late 1980’s where some people who the corporate regulator were looking for managed

to get out to Spain, and others were subject of interminable proceedings.

I think, actually the HIH episode has illustrated how much ASIC has improved

and how quickly it was able to, we already have, we already have a judgement

in relation to some directors from HIH and that is going to go on appeal. But

whilst the Royal Commission is still running, it still hasn’t reported, we already

have a judgement against a number of Directors.




Sorry, two last questions, you one Tim and then Fran.


On the resourcing of ASIC do you, is there any sort of case for looking at

whether they need more staff, because this was suggested that part of the problem

in the States has been that the SEC just does not have the skilled manpower

to follow up complaints about corporations? And secondly, who will actually

be doing the CLERP Review? Will this be done within Treasury, or…?


Treasury will produce the paper but it will be drawing on the Ramsay Report

and the Business Regulation Advisory Group of private sector appointees who

will be advising us as they did in relation to previous ones. In relation to

ASIC, we increased ASIC’s funding in the most recent Budget, an additional $90.8

million over four years and we anticipated that this would, there would be a

call on its resources and that is why we increased its funding, and it was quite

a significant increase in the context of a pretty tight Budget, I can assure

you. Sorry, Fran.


Now Treasurer, I am afraid that I am going to drag you back to domestic politics.

We are about to wind up for six weeks at least. You still haven’t got your key

Budget measures through the Senate, that has not happened. Do you have a plan

to manage that, a plan to manage the hit that it’s going to make on the Budget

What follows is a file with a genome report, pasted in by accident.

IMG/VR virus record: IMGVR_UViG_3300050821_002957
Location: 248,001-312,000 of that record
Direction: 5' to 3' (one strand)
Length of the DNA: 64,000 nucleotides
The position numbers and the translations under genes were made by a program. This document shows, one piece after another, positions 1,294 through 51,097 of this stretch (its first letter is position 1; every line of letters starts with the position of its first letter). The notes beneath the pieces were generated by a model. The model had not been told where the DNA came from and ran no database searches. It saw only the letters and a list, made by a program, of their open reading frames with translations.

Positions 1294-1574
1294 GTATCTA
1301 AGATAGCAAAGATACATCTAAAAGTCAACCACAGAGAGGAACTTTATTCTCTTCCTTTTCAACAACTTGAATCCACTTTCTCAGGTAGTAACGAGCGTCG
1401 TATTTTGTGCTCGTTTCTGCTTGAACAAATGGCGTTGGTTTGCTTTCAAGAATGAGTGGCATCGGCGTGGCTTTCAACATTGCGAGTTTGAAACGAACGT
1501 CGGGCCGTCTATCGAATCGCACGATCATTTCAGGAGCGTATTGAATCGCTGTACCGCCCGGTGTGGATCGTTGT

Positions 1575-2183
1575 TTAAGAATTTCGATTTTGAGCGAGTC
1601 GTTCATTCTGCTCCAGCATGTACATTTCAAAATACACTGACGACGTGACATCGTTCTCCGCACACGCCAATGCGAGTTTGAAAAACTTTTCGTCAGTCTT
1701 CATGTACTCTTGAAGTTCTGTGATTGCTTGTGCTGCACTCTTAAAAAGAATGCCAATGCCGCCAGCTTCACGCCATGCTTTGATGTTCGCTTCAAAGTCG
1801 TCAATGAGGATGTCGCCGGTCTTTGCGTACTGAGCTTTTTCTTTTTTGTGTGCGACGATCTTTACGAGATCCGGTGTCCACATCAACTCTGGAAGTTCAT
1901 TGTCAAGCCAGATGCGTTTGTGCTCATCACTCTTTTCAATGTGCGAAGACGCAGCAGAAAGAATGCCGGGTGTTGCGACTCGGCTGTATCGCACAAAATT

bottom line?


The biggest hit that the obstruction of the Labor Party and Democrats in the

Senate has made on the Budget is in relation to the Pharmaceutical Benefits

Scheme. That is, around about, $300 million per annum. It is totally irresponsible,

and we now know from the Labor Party that they support a co-payment, they tell

us that, they introduced it, and they reserve the right to increase it if they

ever get into Government, they are just going to vote against it while they

are in Opposition. Now, what that will do, is that will, as I have said earlier,

it will undermine the sustainability of the Pharmaceutical Benefits Scheme –

that’s what it will do. And, it will just mean that the Government will have

to be more careful in relation to the admission of new treatments, that is a

consequence, we will have to be very careful in relation to that, because the

scheme in its current form is growing at an unsustainable rate. Now, I notice

that the Deputy Leader of the Opposition, Jenny Macklin, said they were opposing

these changes “at the moment”. Recall that phrase, “at the moment”.

Now I don’t know if by moment she means they will oppose them until they return

to Government, which could be a very long moment, or they are opposing them

until such time as a breath of sanity comes through the Labor Party. Now, that

could be a long moment too, but let’s hope that it is not. But if the Senate

rejects them, yes, we will refer them back to the Senate for a second time –

that is what we will do, and we will give the Senate time to reflect on its

decision and time to reconsider the need to base the Pharmaceutical Benefits

Scheme on a financially sustainable level.


(inaudible) fight an election on that basis?


As I said, we will refer it back to the Senate and we will give the Senate

time to reconsider its opinion.

Thank you very much.